Tuesday, August 10, 2010

The Kneebone Boy, by Ellen Potter

As fellow readers, I am sure that some of you have experienced this. The siren song of a book simply from title and cover art alone. This was my initial experience with The Kneebone Boy by Ellen Potter. Now, I have enjoyed Potter’s work in the past, so I wasn’t worried at all about experiencing the dreaded feeling of, “but I wanted to like this book!” that happens when readers fall for covers and titles sometimes. From the creepy dark haired young children staring out with their older blond brother wrapped in a scarf and holding a cat, to the bare feet hanging from the tree, I was simply intrigued.

Upon opening the arc, I was greeted with Chapter 1 followed by a bit of foreshadowing of the upcoming chapter: “In which we meet the Hardscrabbles, unearth a triceratops bone, and begin to like Lucia even more.” The Hardscrabbles are siblings Otto, Lucia and Max, who all live in the town of Little Tunks with their artist father Casper. Their mum is simply gone. She had been there, then she wasn’t. As in most small towns, the rumours began to spread…especially when Otto gives up talking aloud (he has invented a sort of sign language that he and Lucia use) and takes to wearing his mum’s scarf everywhere.

Casper is a peculiar sort of artist in that he paints portraits of royalty…exclusively exiled royalty. Casper says, "...there is something extraordinary about the face of a person who has fallen from greatness. They remind me of angels tossed out of heaven who are now struggling to manage the coin-operated washing machine at the Scrubbly-Bubbly Laundromat" (arc p.23) As you can imagine, exiled royals are not big on settling up their bills, so the Hardscrabbles don't live a luxurious existence by any means, and it means that their father is often traveling to wherever it is that the exiles are.

Usually when their dad goes away, the children stay with kooky Mrs. Carnival from down the way, but this time Casper tells them that they are to stay with their cousin Angela in London. Lucia especially is quite excited about this turn of events, and some time in London would be great if cousin Angela were actually at home.  Stuck on their own in London, the kids come up with a plan that doesn't involve staying back in Little Tunks with Mrs. Carnival.  Instead of trying to head home, the kids go on another adventure to find their Great Aunt Haddie in Snoring-by-the-Sea.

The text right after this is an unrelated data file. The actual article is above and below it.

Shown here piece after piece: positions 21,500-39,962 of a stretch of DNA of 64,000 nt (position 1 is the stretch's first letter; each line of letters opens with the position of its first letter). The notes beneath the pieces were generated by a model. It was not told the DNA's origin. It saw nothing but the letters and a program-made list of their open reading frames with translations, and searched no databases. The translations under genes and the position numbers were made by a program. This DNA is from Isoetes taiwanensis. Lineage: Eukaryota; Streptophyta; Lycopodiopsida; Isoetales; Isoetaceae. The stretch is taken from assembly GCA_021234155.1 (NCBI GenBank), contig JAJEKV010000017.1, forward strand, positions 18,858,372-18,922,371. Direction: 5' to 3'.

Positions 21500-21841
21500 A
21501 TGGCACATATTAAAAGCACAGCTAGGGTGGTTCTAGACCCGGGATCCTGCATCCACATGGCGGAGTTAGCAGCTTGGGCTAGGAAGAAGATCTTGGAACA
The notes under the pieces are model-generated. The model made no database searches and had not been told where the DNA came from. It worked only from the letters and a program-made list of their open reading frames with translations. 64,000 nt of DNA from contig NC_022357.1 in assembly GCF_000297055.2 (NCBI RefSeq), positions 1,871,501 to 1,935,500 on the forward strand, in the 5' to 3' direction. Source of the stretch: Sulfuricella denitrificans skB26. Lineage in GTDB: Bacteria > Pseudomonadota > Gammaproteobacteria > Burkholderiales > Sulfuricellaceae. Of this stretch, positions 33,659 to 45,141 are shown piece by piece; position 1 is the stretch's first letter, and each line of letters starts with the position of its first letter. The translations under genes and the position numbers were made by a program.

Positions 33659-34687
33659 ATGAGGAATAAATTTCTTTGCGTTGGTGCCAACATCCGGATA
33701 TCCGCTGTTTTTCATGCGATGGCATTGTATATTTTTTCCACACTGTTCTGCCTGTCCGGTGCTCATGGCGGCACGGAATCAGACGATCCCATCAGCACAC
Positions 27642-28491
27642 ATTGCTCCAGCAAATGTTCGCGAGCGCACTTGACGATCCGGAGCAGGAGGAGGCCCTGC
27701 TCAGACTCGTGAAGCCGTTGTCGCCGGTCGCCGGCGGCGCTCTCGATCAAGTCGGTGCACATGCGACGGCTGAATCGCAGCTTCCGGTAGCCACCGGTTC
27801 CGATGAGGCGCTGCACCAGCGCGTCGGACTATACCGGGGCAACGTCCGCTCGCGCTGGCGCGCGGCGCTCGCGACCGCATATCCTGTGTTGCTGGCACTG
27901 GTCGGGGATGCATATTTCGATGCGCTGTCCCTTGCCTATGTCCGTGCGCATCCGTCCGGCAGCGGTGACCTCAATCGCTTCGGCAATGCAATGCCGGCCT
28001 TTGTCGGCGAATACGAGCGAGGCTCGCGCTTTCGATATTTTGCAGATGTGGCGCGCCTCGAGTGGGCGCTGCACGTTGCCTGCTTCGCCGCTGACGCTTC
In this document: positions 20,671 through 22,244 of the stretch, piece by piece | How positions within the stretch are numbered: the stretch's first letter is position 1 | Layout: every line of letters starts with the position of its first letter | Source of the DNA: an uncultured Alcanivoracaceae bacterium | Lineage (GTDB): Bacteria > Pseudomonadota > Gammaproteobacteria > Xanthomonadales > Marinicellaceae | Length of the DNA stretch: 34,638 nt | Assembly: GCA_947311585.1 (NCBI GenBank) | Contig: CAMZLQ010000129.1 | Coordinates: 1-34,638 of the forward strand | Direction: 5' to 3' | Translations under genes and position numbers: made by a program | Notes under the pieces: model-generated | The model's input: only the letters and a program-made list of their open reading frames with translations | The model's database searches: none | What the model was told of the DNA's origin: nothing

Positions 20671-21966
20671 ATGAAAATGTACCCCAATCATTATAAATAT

It turns out that not-so-old Haddie is renting a castle folly that is chock-full of its own secrets, including the entrance (a Tyrolean traverse), a parent castle (named the Kneebone Castle), and some pretty interesting rats.

I don’t want to go too deeply into the plot and get all spoiler-y. Suffice it to say there are some twists and turns that will make readers want to start flipping back through the text looking for clues. From the beginning where readers are told that the narrator is one of the Hardscrabbles, but not which one, to the very big reveal, Potter has woven together a plot that flows pretty seamlessly. The characters are all well developed (I grew particularly fond of Otto) and their personalities will draw readers in. This is the kind of book that captures readers at the beginning and keeps them in its thrall all the way through. Emily Reads captures the essence in her haiku review found here.


June G said...

I have this ARC, but I have yet to read it. The cover art is amazing. It definitely pulls you in, plus I'm a cat lover, so I want to know what part the cat plays...lol...Thanks for the review.

Stacy Dillon said...

Give it a go, June! I've read lots and lots this year, and this is one of my favs!

leslie said...

i agree with you on the cover, it does have appeal. and the story sounds great, too.

will have to keep an eye out for it.

cat said...

Was so happy when I saw the link to your review on Charlott's Library blog because I am currently in the middle of this book today and I only put it down to try and clear out my google reader before it exploded!

I had started it 2 months ago and realized it was only publishing in September, so with much difficulty I put it aside only 3 chapters in and waited until August with a lot of impatience. ;)

Hoping to enjoy the rest of it as much as I have enjoyed the first half! (And yes, the cover is DEVINE! Check out The Girl Who Could Fly, which has a cover by the same artist. Also a wonderful MG book)

Anonymous said...

This sort of reminds me of the Lemony Snicket books. Please tell me it's nothing like them!

Stacy Dillon said...

Alison...it didn't feel too Snicket-y to me. There is a sly and wry sense to it, but it's not gimmicky!